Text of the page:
Researchers test first ocean floor vent sensor

labs. Seyfried said the ship’s facilities surpass even those he uses at the University.
Ding took the first dive, an hour-and-a-half plummet to the bottom, where he would stay for more than five hours. During the mission, Ding performed tests to evaluate the level of light emissions and bacteria emitted from the vents, as well as some preliminary chemical and temperature tests.
But the trip did not go off without a hitch. Near the end, a glitch in the sensor persisted because of a piloting error. Also, researchers discovered that the movement of Alvin’s robotic arms disrupted their computers.
Originally, Alvin was scheduled to make nine dives. But high winds and poor ocean conditions left Seyfried and Ding with only one dive under their belts.
“We didn’t get as much time as we wanted, but we got enough to see and to realize some of the things we need to do this year to make (the sensor) better,” Seyfried said.
The outcome of the dives will impact the National Science Foundation’s project to install monitoring devices for an unmanned sea floor observatory.
The foundation hopes to study the chemistry of these hot springs that cluster around the mid-ocean ridges. Vent fields emerge all along mid-ocean ridges, which circumvent the entire Earth.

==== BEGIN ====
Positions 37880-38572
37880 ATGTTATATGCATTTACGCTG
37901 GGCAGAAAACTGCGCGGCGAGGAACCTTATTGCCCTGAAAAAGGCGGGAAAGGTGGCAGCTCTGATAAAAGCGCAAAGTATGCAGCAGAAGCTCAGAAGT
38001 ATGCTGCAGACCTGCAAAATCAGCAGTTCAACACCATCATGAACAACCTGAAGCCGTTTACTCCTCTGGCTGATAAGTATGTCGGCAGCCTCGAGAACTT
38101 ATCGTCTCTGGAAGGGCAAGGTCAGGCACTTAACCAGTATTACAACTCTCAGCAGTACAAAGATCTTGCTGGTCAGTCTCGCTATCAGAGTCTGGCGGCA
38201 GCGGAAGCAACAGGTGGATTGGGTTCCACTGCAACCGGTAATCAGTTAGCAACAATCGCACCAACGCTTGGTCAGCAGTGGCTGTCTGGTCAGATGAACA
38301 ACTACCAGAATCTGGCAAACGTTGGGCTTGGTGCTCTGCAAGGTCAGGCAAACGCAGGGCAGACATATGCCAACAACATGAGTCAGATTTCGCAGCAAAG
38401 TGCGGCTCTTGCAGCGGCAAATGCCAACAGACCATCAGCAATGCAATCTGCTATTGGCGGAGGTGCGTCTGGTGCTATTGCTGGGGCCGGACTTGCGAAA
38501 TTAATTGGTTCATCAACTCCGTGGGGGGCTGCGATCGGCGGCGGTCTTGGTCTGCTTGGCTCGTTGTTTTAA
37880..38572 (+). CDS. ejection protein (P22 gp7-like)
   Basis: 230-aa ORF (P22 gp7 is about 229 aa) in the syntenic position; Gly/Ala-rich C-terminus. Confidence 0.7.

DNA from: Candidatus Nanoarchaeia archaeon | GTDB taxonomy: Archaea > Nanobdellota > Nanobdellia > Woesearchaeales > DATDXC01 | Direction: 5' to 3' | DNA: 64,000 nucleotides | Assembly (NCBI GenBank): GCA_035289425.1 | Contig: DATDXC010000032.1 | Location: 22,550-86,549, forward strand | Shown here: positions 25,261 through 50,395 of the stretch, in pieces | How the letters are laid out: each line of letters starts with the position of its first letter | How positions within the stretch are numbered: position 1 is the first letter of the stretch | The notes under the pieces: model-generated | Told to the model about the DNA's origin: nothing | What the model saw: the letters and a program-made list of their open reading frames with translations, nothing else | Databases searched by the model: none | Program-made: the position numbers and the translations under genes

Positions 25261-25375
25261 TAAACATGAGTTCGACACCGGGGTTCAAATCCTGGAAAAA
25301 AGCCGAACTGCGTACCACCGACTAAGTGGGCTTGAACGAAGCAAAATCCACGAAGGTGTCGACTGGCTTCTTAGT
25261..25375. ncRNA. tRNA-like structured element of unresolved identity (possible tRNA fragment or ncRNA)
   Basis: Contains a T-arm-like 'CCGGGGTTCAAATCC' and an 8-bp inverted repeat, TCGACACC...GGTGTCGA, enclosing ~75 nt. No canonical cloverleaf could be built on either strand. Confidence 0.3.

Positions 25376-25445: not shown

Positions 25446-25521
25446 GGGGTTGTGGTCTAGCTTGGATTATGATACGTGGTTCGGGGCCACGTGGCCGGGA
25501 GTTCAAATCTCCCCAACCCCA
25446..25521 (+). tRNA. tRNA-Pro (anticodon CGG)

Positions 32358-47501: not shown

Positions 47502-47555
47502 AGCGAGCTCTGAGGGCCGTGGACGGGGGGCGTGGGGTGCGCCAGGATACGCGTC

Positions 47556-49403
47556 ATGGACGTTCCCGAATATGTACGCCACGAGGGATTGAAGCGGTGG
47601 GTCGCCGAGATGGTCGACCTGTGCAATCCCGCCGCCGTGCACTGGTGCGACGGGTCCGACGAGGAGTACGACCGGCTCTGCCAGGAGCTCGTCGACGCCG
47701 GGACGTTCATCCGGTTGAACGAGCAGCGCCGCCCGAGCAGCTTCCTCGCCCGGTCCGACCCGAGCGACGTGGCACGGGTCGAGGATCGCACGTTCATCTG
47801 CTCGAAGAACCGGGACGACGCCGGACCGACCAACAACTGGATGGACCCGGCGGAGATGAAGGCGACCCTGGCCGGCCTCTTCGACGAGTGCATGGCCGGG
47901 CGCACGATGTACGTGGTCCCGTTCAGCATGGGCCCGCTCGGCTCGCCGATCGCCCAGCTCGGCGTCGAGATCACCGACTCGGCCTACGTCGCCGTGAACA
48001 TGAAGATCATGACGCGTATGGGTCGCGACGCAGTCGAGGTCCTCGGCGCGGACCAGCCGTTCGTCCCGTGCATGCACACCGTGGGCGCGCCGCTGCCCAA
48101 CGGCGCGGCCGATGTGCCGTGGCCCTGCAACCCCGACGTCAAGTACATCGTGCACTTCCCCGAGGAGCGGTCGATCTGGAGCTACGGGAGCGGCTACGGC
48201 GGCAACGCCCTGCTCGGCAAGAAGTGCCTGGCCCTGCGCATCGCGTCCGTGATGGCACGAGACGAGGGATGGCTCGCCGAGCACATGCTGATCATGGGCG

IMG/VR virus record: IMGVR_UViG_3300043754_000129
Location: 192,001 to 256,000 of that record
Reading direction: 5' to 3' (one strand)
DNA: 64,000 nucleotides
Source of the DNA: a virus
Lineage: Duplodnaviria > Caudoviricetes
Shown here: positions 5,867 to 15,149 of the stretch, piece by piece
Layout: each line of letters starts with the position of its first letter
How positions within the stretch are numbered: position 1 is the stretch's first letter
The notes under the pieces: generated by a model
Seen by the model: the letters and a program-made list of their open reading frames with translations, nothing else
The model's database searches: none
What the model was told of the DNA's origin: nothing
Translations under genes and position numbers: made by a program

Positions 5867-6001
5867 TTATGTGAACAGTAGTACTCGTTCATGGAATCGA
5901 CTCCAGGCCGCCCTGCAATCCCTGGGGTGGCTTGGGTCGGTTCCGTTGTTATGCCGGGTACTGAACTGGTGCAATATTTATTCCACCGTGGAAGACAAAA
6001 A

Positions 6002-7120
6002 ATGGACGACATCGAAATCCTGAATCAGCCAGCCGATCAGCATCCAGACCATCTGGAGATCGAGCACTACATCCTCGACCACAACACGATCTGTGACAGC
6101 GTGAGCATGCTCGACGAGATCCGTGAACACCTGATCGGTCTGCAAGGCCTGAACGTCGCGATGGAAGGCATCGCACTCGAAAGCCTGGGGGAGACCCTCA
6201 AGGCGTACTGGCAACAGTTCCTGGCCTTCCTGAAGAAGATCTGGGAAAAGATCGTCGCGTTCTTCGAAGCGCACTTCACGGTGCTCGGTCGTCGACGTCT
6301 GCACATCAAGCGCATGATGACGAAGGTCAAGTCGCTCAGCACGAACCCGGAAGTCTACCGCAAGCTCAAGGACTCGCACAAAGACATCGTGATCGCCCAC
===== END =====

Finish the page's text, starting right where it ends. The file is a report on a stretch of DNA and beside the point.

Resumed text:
Seyfried said vents are an important mechanism by which chemicals and heat from within the Earth are cycled into oceans.
Developing the vent sensors is crucial in moving the foundation’s project forward, said Michael Berndt, a senior research associate in Ding’s and Seyfried’s lab.
“Bill (Seyfried) and Kang (Ding) are filling that gap,” Berndt said. “If they can provide this, then they can get it going.”
Because the University doesn’t have a marine science department, Seyfried and Ding were the first University researchers to make use of the submarine for their work.
Previously, researchers only could simulate the high-temperature, high-water pressure conditions the vents are found in.
Having never seen a vent before, Berndt said the researchers’ first-hand experience is valuable to the experiments they had only previously performed in the lab.
“We’re experimental geo-chemists, so this is all new to us,” he said.
Since the researchers returned in early July, they began processing the information they gathered and modifying the sensor accordingly.
Ding and his fellow researchers hope to display the samples and videos they gathered at the Minnesota State Fair.
In the future, Seyfried and Ding expect to return to study the vent field; they have already scheduled four dives for next year.